2Q18 Secondary Trading Recap: Records are Made Amidst the Volatility

July 26, 2018 - According to the LSTA’s recent Trade Data Study, U.S. secondary loan trading volume increased 12% during the second quarter to a record $183 billion.  The quarter ended much busier than it began as volumes spiked 20% in May and another 4% in June.  May’s $64 billion tally was then a 15-month best, while June’s $66.4 billion came in as the second busiest month on record.  Additionally, as monthly volumes approached record highs, the number of loans traded during May and again in June shot past 1,500 for the first time ever.  And even though prices softened during the second quarter, the median mark-to-market bid-ask spread on the traded universe of loans was range bound at just 50 basis points.  More to that point, the important take away for the second quarter was that despite the fact the market delivered its worst performance in more than two years (Index returns totaled just 0.7%), liquidity measures not only held up well, they broke some records.

The sharp rise in second quarter activity was linked to the $55 billion surge in S&P/LSTA Leveraged Loan Index (LLI) Outstandings, which now sit at a record north of $1.05 Trillion.  And despite visible demand levels remaining very robust (loan mutual fund flows totaled $8 billion/CLO issuance totaled $37 billion), the loan market experienced a shift in technicals during the latter half of the quarter.  In total, supply outpaced demand by roughly $10 billion which culminated in the market’s first supply surplus since second quarter 2017.  In turn, prices in the secondary market began to weaken in May and by the end of the quarter the median trade price fell 25 basis points to 100 – an eight month low. Furthermore, as market breadth became decisively negative in June (decliners outpaced advancers by a ratio of 4.2:1), the average trade price dipped to a 98 handle- its lowest level on the year.  Hardest hit were lower-yielding loans that were trading at a premium to par which saw their market share fall from 66% in April to just 30% in June.  That said, the par-plus side of the market remained extremely active across the quarter and registered a 54% share of overall trading volume - just 11 percentage points lower than the previous quarter.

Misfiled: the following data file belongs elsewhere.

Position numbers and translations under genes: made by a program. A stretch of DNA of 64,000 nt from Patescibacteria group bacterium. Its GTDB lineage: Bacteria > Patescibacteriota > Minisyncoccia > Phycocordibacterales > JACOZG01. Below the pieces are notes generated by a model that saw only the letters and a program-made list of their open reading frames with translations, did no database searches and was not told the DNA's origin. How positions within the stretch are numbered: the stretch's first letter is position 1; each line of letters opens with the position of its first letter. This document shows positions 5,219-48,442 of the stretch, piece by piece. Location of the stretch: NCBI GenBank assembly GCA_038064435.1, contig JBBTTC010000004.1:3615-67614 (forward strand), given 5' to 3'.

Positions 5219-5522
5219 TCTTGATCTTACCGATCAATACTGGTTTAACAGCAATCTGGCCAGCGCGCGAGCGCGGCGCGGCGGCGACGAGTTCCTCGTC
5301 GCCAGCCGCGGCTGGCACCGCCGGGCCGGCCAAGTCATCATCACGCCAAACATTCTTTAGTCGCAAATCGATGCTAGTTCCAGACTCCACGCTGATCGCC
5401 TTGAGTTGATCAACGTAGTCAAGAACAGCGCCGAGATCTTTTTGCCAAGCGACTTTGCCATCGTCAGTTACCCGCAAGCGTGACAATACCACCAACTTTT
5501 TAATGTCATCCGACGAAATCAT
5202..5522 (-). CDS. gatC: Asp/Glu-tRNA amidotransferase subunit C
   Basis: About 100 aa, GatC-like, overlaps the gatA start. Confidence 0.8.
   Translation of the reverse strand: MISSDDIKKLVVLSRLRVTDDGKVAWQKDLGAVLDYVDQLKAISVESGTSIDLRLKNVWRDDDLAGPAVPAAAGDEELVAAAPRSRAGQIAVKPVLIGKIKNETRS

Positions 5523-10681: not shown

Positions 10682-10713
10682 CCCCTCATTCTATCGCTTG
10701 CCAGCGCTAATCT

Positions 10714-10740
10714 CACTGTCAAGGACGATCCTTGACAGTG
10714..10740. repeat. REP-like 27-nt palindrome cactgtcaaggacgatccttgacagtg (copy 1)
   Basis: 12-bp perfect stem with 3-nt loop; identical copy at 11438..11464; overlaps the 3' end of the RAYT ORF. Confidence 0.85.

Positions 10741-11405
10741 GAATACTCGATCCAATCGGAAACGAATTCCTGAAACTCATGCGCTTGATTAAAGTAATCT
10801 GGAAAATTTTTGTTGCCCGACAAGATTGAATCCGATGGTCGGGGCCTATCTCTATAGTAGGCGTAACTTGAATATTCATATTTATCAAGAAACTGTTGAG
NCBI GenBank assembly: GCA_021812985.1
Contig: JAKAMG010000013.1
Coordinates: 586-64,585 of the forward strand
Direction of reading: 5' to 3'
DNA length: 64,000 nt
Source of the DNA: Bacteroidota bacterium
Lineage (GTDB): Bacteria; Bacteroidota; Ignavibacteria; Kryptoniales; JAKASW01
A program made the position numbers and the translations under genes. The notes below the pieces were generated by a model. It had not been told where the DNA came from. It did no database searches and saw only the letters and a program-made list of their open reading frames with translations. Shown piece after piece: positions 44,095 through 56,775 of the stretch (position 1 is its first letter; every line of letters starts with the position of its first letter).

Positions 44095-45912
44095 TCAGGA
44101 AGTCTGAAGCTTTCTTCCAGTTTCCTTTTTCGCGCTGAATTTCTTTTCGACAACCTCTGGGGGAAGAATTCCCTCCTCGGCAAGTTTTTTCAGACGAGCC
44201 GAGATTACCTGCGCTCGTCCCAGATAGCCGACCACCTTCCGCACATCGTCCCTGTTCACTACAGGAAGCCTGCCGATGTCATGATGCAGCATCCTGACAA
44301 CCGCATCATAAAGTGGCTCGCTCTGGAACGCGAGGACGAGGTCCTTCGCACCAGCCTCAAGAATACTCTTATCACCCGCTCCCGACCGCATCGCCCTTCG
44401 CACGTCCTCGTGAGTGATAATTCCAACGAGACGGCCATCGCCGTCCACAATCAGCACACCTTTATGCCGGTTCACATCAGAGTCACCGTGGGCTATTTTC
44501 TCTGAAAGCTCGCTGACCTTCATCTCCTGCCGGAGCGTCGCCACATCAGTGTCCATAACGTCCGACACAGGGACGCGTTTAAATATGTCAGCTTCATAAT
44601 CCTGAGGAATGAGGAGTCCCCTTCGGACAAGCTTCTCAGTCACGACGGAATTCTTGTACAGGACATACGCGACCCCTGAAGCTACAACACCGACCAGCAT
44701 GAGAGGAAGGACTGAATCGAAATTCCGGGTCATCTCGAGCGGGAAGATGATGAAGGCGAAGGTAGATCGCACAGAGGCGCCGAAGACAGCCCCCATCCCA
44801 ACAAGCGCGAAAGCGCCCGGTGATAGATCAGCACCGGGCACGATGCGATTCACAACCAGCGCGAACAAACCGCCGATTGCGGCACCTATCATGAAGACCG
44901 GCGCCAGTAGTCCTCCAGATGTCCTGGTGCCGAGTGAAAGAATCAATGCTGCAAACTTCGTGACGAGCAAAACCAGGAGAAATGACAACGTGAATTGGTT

Despite the massive uptick in primary and secondary activity during the second quarter, par settlement times remained at the lower end of their post change in delayed compensation range which covers the previous 22 months.  Across the quarter, the median time to settle increased one day to T+12 while the average settlement time fell below T+18 for the first time since fourth quarter 2016.  During June, 45% of par loan trades settled within T+7, an increase of three percentage points over April.  Over the same time period, the percentage of par loan trades settled within T+7 improved two percentage points to 28%.  While both distributions are below their 22-month highs registered back in March, they both have illustrated improvement across 2018.

LSTA Full and Associate Members can access the full Summary, including charts, here. For more information, please contact Ted Basta.

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